EOS A2 (92) (advanced amature/pro)- The A2E except with a diopter correction knob instead of eye-controlled focusing.
EOS Rebel XS (93) - Very similar to the S and SII.
EOS Rebel X (93) - Similar to the XS but lacking built in flash and metered manual mode.
EOS 1N (94) (pro) - Canon's flagship camera at the time. Lots of features and top of the line build quality. The 1N RS variant additionally offers 10 fps shooting.
EOS Elan II, Elan IIE (95) (advanced amature) - An update of the original Elan. An advanced amature camera offering eye controlled focus (IIE only) with slightly lower specs than the A2/A2E.
EOS Rebel G (96) - Similar to the S, SII, and XS, except offering slightly advanced autofocusing and metering.
EOS 3 (98) (Pro/advanced amature) - This camera offers lots of customizable metering and AF options, eye controlled focusing, and a professional feature set.
Rebel 2000 (99) - Similar to the consumer S, SII, XS and G series, but also offering more advanced metering and DOF preview.
EOS 1V (00) (Pro) - Probably the best film camera Canon ever made, incorporating the most durable shutter and weatherproofing of any of their bodies, an advanced metering and focusing system, and a professional package of customizable functions and controls.
Rebel Ti (02) - Similar to the Rebel 2000, offering the general set of consumer features plus DOF preview.
Rebel K2 (03) - A lower end model to the Ti which removes DOF preview.
Elan 7 (03) (advanced amature)- Canon's last and most advanced advanced amature camera, which updated the earlier Elan II/IIE.
Rebel T2 - Canon's last and most advanced consumer level film SLR. It offers E-TTL II flash metering, which improves through the lens flash output over previous systems. Other features are similar to the Ti.
So which one should you get?
For most users who want a moderate degree of control over their images, convenience in taking them, and who are willing to do a little bit of reading to master their camera, I would recommend the Elan series or the A2. The Elan 7 is the most modern and still sells for only around $60 They are significantly cheaper than the professional models and offer a good degree of control over the imaging process. These are obviously film cameras, with less advanced LCD displays, and thus they can at times be less intuitive than digitals. The Elan/A2's have a set of numbered custom functions to set stuff like front vs. rear curtain flash sync, buttons for exposure-lock, etc, so you really need your manual in front of you to figure them out.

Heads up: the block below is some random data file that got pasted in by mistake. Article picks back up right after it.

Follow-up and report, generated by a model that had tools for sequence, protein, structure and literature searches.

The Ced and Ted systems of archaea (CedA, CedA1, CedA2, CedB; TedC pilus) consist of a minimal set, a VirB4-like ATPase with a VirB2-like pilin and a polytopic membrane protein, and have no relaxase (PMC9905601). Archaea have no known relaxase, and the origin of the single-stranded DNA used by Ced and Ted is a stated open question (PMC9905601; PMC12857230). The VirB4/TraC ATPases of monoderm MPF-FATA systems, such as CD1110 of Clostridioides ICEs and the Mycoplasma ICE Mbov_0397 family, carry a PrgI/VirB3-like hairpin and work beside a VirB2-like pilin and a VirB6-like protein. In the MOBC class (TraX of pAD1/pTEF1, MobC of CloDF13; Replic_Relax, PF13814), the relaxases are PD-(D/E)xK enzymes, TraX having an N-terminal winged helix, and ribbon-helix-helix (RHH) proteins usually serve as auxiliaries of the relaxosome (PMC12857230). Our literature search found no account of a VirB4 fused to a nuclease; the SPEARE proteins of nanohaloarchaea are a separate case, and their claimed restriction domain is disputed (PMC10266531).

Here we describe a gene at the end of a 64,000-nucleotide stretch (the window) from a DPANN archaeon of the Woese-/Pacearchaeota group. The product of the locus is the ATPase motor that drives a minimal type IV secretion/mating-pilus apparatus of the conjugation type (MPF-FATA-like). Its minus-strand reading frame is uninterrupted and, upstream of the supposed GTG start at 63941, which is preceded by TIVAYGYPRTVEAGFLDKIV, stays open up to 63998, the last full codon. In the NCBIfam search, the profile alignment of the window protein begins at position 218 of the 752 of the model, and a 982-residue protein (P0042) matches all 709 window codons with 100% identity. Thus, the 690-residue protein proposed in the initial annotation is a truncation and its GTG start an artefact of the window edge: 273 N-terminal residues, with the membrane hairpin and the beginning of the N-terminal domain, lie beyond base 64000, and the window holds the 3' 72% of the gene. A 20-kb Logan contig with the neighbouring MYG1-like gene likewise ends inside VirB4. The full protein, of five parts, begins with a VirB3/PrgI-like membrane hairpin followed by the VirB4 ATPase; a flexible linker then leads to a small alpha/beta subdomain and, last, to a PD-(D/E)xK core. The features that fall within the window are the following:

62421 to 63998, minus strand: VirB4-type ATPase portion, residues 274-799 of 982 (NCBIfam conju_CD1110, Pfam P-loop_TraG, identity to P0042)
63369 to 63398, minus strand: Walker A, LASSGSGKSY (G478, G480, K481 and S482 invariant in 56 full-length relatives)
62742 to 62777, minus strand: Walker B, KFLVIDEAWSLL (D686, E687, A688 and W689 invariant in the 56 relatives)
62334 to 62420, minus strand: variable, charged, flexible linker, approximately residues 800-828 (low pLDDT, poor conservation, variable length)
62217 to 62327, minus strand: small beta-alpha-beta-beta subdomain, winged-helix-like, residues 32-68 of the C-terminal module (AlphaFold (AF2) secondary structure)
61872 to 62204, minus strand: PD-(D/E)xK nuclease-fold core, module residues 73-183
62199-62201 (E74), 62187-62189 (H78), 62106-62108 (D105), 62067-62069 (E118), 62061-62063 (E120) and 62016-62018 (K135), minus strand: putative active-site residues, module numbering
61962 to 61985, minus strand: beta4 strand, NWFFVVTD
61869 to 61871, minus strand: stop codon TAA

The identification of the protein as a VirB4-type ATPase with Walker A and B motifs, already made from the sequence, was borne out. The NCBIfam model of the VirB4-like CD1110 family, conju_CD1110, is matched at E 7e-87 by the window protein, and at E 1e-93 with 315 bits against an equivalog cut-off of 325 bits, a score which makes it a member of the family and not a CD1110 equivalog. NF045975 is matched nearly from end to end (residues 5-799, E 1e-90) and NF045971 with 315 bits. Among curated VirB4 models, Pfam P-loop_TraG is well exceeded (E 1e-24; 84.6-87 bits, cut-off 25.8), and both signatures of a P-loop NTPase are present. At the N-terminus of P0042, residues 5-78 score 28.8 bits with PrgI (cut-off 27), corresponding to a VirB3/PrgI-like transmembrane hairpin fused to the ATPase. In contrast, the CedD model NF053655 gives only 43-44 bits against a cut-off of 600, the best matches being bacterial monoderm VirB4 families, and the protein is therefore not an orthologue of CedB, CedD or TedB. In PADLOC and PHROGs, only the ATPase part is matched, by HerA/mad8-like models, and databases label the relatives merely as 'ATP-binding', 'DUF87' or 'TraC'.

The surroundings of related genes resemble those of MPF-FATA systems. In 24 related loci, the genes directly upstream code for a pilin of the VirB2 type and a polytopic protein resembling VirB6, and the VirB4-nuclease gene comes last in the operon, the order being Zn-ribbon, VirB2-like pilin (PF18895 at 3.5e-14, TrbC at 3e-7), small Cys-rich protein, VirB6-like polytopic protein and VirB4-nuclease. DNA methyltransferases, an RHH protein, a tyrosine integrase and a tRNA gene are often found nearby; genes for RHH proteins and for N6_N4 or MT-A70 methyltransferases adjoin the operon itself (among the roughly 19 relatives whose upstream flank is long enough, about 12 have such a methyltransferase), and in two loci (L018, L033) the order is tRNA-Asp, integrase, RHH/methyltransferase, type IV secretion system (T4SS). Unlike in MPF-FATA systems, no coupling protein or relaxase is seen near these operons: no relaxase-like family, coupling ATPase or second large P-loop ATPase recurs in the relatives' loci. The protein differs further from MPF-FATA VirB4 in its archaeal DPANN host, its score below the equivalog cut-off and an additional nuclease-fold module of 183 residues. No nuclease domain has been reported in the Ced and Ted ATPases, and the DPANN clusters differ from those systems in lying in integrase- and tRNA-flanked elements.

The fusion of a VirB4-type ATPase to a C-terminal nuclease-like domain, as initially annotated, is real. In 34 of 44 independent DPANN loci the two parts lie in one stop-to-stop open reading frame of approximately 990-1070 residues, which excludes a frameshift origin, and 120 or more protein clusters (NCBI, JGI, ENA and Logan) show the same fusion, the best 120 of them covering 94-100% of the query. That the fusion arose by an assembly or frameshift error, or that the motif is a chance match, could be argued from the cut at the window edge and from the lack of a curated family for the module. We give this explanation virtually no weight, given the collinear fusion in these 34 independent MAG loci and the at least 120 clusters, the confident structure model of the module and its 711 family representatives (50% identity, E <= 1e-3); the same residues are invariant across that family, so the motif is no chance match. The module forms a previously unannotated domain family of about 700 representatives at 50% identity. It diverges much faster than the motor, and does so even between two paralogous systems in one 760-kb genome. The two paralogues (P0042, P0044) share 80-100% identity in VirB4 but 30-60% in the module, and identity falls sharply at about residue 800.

For better cameras than these, you'll have to look to the EOS 1N ($150-250), EOS 3 ($200-300), or EOS 1V ($500-800).
If you want a more intuitive photographing experience and want to do away with the custom functions, the Rebel series bodies have a good basic feature set (though I'd avoid the original Rebel). Look especially to the Rebel G and 2000 as cheap options. The newer T2 and K2 are the most modern, but sell for a premium - even more than the Elan series in some cases.
Why bother? A couple good reasons come to mind:
Super-Wide angle shooting One big advantage to the film system is that it allows super wide angle shooting with a sub-$400 lens! Hopefully the digital wide angle situation will improve, as currently even the cheapest Sigma and Tokina super-wide angle digital-only lenses sell for over $400 and the Canon is about $600. Shooting film will allow you to use the more common 3rd party 19-35mm zooms at about $100 or any number of other lenses to get those interesting wide angle shots. Alternately, you can spring for the full frame Sigma 12-24mm lens ($500-600) and get a really wide perspective on film or a more typical super-wide 19-38mm equivalent perspective on your 1.6x crop digital body.
Special projects You may want to shoot some infrared film, or shoot and project some Velvia slides, or capture some action at 1/8000 sec. I'm sure you can come up with others. You can throw some (more expensive) digital technology at these projects to get the same results, but the film route would perhaps be easier and cheaper.Cheap backup body I know I personally would rather blow a couple hundred bucks on a new lens rather than a backup body that I would only use in a pinch.